Survey: Patient engagement increasing thanks to digital tools, but reservations remain

By Heather Mack
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By necessity, people who are living with a chronic condition are more familiar with the healthcare system than those who are not. As a natural extension of that relationship, these same people are also more in tune with the technology available to improve their engagement with their health, a new poll from health IT company CDW Healthcare shows.

Building on last year’s efforts to examine what’s driving, influencing and presenting barriers to the patient engagement space, CDW surveyed 200 patients and 200 providers (physicians and physician assistants) to assess the impact of digital tools and communication outreach efforts between the two.

All patients surveyed were chronic – defined as having been to the doctor six or more times in the past year. Of this group, 70 percent said they have become more engaged with their care in the past two years, up from 56 percent in 2016. In the past year, 74 percent of patients joined a patient portal (nearly a 30 percent jump from 2016), which resulted in 69 percent speaking with their healthcare provider more often and 69 percent of respondents accessing their healthcare information online.

Patients seem to embrace the idea that more frequent communication with their provider via digital tools could lead to improved health. If given the option, 64 percent of survey respondents said they would submit personal, real-time healthcare information to their provider, although that willingness to share online varies between ages. 

And providers are noticing their patients’ willingness to divulge more information and more frequently to take a more active role in their healthcare. Over 70 percent of providers said improving patient engagement is a top priority in their organization – up from 60 percent in 2016 – and 80 percent are working to implement tools to make access to personal healthcare records easier. And patients are noticing their doctors’ efforts: 83 percent reported receiving encouragement from their doctor to access their own information and 81 percent said they were offered a patient portal to sign up for. There has also been an increase in communication in the form of email and the creation of mobile apps.

Easier online access to information and portals is driving the improvement, the poll found, as is patients’ familiarity with technology – 98 percent say they are comfortable communicating with providers via online patient portals, but it depends on the format: 83 percent are comfortable communicating with mobile apps, 77 percent like texting, 75 percent are comfortable with online chat, and 69 percent are comfortable with video chat. However, it drops off significantly when social media comes into play, with just 34 percent of patients saying they feel comfortable communicating with their provider through those mediums.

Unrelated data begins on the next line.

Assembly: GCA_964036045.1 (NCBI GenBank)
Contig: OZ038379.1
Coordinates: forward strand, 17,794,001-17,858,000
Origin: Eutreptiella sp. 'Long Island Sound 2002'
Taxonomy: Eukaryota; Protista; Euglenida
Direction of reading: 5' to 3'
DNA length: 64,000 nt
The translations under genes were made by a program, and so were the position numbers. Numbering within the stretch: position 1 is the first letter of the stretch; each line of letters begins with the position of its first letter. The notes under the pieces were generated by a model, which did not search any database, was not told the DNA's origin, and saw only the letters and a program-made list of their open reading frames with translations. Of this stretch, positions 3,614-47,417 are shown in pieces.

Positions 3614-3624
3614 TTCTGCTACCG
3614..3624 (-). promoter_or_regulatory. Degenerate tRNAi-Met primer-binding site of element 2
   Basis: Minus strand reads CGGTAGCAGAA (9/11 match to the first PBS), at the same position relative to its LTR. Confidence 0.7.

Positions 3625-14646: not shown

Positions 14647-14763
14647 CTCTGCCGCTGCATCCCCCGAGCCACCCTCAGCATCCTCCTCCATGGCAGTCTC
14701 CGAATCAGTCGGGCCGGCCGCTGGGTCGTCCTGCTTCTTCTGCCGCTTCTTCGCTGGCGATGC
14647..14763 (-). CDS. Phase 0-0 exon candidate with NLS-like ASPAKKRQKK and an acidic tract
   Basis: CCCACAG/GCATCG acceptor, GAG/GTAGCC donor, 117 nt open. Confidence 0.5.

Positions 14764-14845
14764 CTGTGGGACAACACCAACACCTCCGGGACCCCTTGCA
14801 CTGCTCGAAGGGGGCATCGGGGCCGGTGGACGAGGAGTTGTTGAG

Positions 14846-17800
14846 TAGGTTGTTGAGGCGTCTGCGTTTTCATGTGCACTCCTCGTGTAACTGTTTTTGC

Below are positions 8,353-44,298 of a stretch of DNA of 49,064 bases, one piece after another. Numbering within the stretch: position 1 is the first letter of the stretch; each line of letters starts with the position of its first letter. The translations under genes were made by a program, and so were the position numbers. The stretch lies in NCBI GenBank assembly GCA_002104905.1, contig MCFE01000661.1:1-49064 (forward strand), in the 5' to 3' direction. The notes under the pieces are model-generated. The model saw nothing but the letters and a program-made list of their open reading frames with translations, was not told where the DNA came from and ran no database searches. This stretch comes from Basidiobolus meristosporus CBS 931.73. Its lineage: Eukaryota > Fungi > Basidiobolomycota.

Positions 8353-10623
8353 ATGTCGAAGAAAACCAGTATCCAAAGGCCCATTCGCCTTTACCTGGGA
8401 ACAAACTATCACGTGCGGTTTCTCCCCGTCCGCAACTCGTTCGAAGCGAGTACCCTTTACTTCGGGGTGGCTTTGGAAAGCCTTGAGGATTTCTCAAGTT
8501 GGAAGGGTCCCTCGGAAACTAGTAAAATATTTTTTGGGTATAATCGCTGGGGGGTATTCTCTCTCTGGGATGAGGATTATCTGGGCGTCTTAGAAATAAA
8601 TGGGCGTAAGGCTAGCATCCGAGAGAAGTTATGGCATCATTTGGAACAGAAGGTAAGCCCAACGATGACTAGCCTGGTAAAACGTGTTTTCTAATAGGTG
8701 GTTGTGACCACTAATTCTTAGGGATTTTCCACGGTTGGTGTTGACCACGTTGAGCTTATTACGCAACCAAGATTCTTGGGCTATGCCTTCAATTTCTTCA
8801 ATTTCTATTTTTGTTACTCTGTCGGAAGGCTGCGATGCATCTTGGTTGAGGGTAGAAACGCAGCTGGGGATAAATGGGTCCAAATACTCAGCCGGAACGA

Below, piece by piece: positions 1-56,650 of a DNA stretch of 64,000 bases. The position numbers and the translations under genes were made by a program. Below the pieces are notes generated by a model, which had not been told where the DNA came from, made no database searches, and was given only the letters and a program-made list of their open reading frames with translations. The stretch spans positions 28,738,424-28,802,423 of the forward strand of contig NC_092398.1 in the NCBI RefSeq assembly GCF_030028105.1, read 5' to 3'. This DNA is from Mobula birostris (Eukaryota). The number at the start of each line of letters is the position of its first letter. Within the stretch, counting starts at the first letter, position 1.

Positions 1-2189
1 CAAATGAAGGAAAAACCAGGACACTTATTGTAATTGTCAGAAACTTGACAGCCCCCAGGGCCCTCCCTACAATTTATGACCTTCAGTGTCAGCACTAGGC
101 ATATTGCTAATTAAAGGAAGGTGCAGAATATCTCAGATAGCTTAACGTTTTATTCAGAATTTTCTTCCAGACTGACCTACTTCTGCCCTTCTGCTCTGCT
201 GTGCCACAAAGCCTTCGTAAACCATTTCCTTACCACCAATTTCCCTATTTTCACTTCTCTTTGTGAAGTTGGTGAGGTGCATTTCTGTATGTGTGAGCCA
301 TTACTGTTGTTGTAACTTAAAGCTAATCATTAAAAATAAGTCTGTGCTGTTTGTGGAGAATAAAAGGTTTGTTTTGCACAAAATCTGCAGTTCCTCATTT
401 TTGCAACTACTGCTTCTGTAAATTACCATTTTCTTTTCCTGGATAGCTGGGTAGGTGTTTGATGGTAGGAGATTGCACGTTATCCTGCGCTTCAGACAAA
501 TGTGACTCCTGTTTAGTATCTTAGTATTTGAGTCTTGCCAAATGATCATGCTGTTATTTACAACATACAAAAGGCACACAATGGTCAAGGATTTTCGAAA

Oddly enough, these same patients who are embracing online communication with their providers still aren’t completely sold on the promise of telemedicine. As indicated with their lesser comfort with video chat, only 30 percent of respondents said telemedicine would be “somewhat” or “very valuable” as a means of being more engaged in their healthcare. Polls about telemedicine tends to have varying results based on who’s answering, as different surveys have shown a majority of patients wanting telemedicine, yet not knowing where to find it, and others showing patients so gung ho as to consider leaving their current doctor for one who offers telemedicine.  But the CDW poll also revealed low levels of trust on the provider side: just 9 percent of those surveyed said they are very comfortable with the idea of telemedicine, citing concerns over their own ability to have a thorough a video consultation (70 percent), privacy (43 percent), or their patients lack of familiarity with the technology (35 percent).

To continue on the upward trend of patient engagement, providers say they need to start by identifying patient needs before they offer the digital tools to accommodate them. Additionally, they must provide adequate support to run and oversee new technology systems as well as educate patients on how, when, and why to use tools like online patient portals.